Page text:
Duterte again confronts China, stresses he will not withdraw Philippine ships from disputed waters

Philippine President Rodrigo Duterte on Friday (May 14) categorically rejected China’s demand that the Philippines withdraw its ships from the disputed waters of the South China Sea. Duterte said he would not bow under pressure even if it jeopardized his friendship with Beijing.

Since early March, hundreds of Chinese vessels have been staying in the disputed waters of the South China Sea, including Whitsun Reef (known as Julian Felipe Reef in the Philippines and Bull Yoke Reef in China), which lies within the Philippines’ exclusive economic zone.)

The vessels are reportedly carrying armed Chinese militiamen, not “ordinary fishing boats” as described by the Chinese. The Philippines condemned China’s move, saying the vessels, controlled by Chinese militia, were “a blatant violation of Philippine jurisdiction”. The Philippines has since stepped up its presence in its exclusive economic zone. Last month China asked the Philippines to withdraw its vessels from the disputed waters and asked Manila to stop “moves that complicate the situation and exacerbate the dispute.

Duterte rejected the Chinese demand on television Friday. He said, “We have our position and I want to make it clear here…we will definitely not budge an inch.” “I don’t want to quarrel, I don’t want trouble. I respect your position, you have to respect my position. But we’re not going to go to war.” He also said “I will not back down, even if you kill me. This is where our friendship will end.”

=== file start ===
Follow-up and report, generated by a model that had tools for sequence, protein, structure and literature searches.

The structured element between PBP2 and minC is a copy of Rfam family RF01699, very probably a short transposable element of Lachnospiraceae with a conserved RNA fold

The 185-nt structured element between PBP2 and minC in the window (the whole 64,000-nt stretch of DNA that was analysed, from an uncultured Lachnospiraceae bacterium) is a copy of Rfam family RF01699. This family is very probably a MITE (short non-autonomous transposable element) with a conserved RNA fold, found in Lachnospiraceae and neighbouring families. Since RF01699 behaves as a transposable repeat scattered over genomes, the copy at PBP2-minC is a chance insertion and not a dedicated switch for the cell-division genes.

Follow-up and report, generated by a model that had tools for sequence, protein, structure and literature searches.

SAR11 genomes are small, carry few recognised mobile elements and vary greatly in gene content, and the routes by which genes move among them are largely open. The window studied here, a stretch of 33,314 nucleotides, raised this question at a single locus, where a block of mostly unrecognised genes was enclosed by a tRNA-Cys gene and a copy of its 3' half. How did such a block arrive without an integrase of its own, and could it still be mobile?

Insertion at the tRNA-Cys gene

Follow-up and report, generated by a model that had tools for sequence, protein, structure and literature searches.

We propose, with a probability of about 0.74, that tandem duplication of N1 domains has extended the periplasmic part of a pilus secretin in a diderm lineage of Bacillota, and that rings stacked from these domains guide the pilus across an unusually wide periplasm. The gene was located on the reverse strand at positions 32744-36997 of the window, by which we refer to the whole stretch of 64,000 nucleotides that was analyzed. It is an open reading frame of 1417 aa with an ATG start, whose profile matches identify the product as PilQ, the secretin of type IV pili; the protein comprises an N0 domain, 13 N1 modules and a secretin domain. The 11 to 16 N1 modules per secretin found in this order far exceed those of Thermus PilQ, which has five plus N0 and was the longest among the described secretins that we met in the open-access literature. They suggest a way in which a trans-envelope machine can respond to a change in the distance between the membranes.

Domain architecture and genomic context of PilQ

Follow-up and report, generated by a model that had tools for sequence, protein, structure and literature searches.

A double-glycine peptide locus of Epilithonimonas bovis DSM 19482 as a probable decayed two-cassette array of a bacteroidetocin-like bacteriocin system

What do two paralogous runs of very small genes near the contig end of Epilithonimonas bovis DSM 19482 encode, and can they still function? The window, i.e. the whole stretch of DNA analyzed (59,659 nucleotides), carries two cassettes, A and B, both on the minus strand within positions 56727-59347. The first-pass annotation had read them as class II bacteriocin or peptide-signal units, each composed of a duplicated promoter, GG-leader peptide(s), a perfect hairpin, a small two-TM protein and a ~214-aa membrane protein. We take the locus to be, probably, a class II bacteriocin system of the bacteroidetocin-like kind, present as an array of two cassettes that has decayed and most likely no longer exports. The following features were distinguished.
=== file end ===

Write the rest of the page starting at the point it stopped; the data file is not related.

Meanwhile, there are growing calls in the Philippines for Duterte to abandon his pursuit of close ties with China and to resist what Philippine defense officials say are China’s hostility and blatant provocations.

For its part, the Chinese embassy in Manila did not immediately respond to Reuters’ request for comment.

Duterte has been criticized for his soft stance toward China for refusing to pressure China to comply with a 2016 international arbitration tribunal ruling on sovereignty in the South China Sea that favored the Philippines. Last week Duterte even said the 2016 international arbitration tribunal ruling was nothing more than a piece of paper that he could throw in the wastepaper basket.

In a televised speech Friday, Duterte said he fully believes in the ruling of the international tribunal.

The Philippine presidential election will be held in May next year, and Taiwan’s Central News Agency reports that Duterte’s rivals have harshly criticized him for being too soft on China, forcing Duterte to turn his guns lately.

In addition to the sovereignty dispute between China and the Philippines in the South China Sea, claimants also include Brunei, Malaysia, Taiwan and Vietnam. The South China Sea is rich in marine resources and is one of the busiest sea lanes in the world.